Pharmacopsychiatry 2012; 45(06): 223-228
DOI: 10.1055/s-0031-1301365
Original Paper
© Georg Thieme Verlag KG Stuttgart · New York

Insulin Secretion and Sensitivity after Single-Dose Amisulpride, Olanzapine or Placebo in Young Male Subjects: Double Blind, Cross-Over Glucose Clamp Study

D. Kopf*
1  Central Institute of Mental Health, University of Heidelberg, Faculty of Medicine, Mannheim, Germany
2  Marienkrankenhaus, Department of Geriatric Medicine, Hamburg, Germany
,
M. Gilles*
1  Central Institute of Mental Health, University of Heidelberg, Faculty of Medicine, Mannheim, Germany
,
G. Paslakis
1  Central Institute of Mental Health, University of Heidelberg, Faculty of Medicine, Mannheim, Germany
,
F. Medlin
1  Central Institute of Mental Health, University of Heidelberg, Faculty of Medicine, Mannheim, Germany
,
F. Lederbogen
1  Central Institute of Mental Health, University of Heidelberg, Faculty of Medicine, Mannheim, Germany
,
H. Lehnert
3  1st Medical Department, University of Lübeck Medical School, Luebeck, Germany
,
M. Deuschle
1  Central Institute of Mental Health, University of Heidelberg, Faculty of Medicine, Mannheim, Germany
› Author Affiliations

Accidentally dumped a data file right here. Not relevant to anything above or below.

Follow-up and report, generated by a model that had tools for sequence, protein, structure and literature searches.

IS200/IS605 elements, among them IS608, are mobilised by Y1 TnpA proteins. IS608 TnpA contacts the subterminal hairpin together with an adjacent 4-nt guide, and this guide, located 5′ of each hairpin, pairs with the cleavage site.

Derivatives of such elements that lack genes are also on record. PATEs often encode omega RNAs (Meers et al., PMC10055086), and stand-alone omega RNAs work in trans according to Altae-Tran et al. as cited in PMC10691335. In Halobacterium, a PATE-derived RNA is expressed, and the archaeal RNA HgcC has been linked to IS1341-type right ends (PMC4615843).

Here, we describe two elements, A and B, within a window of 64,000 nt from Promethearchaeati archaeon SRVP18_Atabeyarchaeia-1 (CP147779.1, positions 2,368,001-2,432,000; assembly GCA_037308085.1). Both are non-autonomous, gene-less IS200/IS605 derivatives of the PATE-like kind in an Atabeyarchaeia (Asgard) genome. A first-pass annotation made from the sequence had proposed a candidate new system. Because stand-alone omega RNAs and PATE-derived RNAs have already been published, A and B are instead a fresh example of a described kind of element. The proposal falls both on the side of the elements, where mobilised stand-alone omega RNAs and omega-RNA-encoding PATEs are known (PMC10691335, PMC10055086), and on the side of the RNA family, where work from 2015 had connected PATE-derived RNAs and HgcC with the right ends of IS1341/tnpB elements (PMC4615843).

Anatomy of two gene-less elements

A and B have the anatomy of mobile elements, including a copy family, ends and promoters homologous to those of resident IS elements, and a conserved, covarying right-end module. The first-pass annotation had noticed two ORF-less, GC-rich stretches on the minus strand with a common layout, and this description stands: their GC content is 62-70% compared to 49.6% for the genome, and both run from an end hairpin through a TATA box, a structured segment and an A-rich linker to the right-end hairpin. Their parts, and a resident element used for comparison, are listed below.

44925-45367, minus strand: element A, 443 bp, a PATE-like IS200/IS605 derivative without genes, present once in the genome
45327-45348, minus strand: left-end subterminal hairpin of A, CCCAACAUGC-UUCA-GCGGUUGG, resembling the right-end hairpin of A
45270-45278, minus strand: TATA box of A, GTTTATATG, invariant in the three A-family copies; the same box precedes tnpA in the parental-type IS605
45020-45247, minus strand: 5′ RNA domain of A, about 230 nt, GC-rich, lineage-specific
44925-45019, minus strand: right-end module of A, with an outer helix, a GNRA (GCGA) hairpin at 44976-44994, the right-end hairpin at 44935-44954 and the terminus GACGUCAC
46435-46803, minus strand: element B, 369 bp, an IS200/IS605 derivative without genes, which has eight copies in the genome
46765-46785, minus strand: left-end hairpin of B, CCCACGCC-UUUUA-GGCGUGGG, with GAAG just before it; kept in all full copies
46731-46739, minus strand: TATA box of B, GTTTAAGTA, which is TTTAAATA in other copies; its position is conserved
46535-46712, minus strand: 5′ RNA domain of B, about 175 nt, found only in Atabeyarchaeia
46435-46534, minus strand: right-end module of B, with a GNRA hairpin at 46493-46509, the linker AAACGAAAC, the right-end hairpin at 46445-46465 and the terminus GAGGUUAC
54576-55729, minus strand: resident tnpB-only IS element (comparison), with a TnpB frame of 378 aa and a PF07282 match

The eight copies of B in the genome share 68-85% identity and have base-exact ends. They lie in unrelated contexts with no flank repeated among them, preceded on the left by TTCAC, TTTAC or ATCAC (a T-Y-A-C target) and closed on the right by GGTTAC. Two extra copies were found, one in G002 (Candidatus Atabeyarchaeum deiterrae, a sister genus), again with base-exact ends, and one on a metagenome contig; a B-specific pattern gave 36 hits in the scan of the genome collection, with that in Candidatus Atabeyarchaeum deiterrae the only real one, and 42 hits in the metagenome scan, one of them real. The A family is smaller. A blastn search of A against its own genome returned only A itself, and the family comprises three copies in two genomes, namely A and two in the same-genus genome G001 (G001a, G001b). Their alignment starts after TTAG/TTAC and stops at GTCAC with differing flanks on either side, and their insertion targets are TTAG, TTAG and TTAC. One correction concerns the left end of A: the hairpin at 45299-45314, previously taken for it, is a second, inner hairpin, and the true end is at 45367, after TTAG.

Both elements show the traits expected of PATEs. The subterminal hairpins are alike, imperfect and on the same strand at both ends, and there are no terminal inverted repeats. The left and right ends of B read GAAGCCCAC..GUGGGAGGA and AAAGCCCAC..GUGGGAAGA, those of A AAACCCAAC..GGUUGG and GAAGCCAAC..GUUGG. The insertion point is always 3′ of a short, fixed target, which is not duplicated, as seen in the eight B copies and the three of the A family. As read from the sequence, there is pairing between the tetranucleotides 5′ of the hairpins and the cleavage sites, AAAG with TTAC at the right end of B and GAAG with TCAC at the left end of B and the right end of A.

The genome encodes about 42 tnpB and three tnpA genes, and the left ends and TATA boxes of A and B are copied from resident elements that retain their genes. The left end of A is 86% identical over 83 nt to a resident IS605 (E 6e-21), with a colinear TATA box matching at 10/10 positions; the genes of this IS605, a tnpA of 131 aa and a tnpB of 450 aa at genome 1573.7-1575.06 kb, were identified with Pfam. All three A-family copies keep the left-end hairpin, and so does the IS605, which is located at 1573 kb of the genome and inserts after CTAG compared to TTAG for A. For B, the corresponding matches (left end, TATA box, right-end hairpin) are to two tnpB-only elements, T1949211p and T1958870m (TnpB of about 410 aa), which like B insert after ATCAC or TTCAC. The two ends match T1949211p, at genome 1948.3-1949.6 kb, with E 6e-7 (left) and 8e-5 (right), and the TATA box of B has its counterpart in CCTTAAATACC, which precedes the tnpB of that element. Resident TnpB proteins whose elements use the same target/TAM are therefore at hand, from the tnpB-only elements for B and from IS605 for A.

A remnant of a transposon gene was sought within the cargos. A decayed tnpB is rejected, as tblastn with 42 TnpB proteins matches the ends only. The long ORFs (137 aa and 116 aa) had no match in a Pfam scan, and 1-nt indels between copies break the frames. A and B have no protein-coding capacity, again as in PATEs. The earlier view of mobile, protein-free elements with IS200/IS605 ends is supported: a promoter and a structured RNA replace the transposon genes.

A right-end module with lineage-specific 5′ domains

Further Information

Publication History

received 01 September 2011
revised 09 January 2012

accepted 10 January 2012

Publication Date:
16 March 2012 (eFirst)

Abstract

Introduction:

Increased risks of weight gain and diabetes mellitus have been reported for schizophrenic patients under long-term treatment with several atypical antipsychotic drugs including olanzapine. Among other antipsychotic drugs, treatment with the selective dopamine D2 and D3 receptor antagonist amisulpride has been implicated with a lower risk for metabolic complications.

Patients and Methods:

In this study we compared the acute, non-adiposity related effects of a single dose of olanzapine, amisulpride and placebo on insulin sensitivity and secretion in 10 healthy subjects in a randomised, double blind cross-over design. Subjects underwent euglycemic-hyperinsulinemic and hyperglycemic clamp tests using an automated clamp device. C-peptide and pro-insulin levels were determined using highly specific immuno-assays.

Results:

Insulin sensitivity was not significantly different between both verum medications and placebo. However, C-peptide secretion during hyperglycemic clamp was significantly higher after administration of amisulpride than after olanzapine or placebo. This was true both for the early phase and for the second phase of insulin secretion (C-peptide at 0, 5,10 and 30 min: amisulpride 1.49±0.49; 4.22±1.45; 3.19±1.22; 5.33±1.85; olanzapine 1.35±0.47; 3.84±1.37; 2.72±0.91; 4.28±1.96; placebo 1.72±0.82; 3.59±1.19; 2.71±1.02; 4.54±1.42 ng/mL, mean±SD; ANOVA p=0.043). Pro-insulin levels did not differ significantly between groups.

Discussion:

A low dose of the D2/D3 antagonist amisulpride, but not olanzapine appears to acutely increase pancreatic insulin secretion in healthy controls. Stimulation of β-cells could be a protective factor against the development of diabetes mellitus.

*

* These authors contributed equally to this work